- Gather your materials. You will need some foam hearts in various colors ( dollar store!), a red marker, pen, ribbon and clothes pins.
- Start by writing the classic conversation hearts sayings all in uppercase letters on your hearts.
- Next write out interesting and conversation provoking questions on the opposite side. No yes or no questions!
- Hang your ribbon close to your dinner table. You could make a garland, wreath or even pop them in a bowl too. Get your kids interested in this before dinner.
- At dinner have a child choose a heart and read both sides. We went around in a circle giving our answers and letting others comment and ask questions about each answer.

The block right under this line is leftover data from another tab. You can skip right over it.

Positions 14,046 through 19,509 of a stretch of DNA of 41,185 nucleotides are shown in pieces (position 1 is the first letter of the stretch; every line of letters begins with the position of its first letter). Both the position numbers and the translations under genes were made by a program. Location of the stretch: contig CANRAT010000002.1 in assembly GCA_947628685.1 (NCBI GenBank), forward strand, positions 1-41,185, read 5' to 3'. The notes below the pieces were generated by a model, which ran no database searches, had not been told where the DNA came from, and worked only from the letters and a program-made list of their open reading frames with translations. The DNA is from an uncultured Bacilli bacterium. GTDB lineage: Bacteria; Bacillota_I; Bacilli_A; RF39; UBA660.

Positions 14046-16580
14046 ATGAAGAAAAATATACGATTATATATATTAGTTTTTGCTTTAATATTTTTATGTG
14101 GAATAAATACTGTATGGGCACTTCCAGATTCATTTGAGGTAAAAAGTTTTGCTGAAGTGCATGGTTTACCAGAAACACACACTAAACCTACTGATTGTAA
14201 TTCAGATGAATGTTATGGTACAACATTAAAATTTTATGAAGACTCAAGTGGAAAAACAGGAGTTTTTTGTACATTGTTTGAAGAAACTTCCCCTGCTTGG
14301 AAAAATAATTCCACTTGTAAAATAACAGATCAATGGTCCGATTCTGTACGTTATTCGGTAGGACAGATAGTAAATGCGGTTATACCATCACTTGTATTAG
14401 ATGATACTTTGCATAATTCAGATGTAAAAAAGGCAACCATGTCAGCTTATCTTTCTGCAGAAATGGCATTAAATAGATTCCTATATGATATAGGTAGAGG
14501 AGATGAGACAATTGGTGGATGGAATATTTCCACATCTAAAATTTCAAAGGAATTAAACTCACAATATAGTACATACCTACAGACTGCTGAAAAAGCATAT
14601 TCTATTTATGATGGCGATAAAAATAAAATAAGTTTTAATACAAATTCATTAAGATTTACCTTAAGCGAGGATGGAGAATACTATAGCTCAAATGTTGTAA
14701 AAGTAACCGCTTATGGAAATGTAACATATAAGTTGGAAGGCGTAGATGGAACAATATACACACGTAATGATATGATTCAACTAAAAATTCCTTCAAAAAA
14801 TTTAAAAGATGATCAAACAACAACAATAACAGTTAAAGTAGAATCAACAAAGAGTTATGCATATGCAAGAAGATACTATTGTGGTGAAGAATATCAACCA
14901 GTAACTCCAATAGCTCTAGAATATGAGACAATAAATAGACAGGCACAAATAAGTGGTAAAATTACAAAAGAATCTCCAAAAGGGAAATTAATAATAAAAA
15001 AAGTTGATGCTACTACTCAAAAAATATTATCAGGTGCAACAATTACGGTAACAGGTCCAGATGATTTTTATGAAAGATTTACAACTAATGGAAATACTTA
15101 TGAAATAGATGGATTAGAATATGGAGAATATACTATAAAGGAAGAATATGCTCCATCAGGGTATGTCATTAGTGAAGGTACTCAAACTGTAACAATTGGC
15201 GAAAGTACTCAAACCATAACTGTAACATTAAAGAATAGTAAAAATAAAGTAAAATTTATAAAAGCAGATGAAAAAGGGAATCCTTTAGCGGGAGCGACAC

- My daughter wanted to read too – we aren’t sure what her’s really said but she asked us ” You like candy?” We all shared our favorite types of candy . We will keep this up until Valentine’s Day and hopefully have as enjoyable dinners ( most days) as we did tonight.
A preschool board meeting prevented me from posting this when I had planned and we have now had 3 dinner with these conversation hearts. All have been fun, informative and really great family time. My kids have been racing to the table to be the one chosen to pick the first heart. My daughter has chosen the same heart every night but asks us new questions that we can usually decipher. Tonight I learned that my son loves a new book , my daughter loves her brother more than princesses, that my husband loves math more than sports and when it comes down to it I like reading about educational psychology more than art history, even if the pictures aren’t as pretty.
Here is the list of questions I included:
What is your favorite game to play?
What is your favorite subject to learn about?
What do you want to get better at?
What is your favorite book?
What is your favorite sport?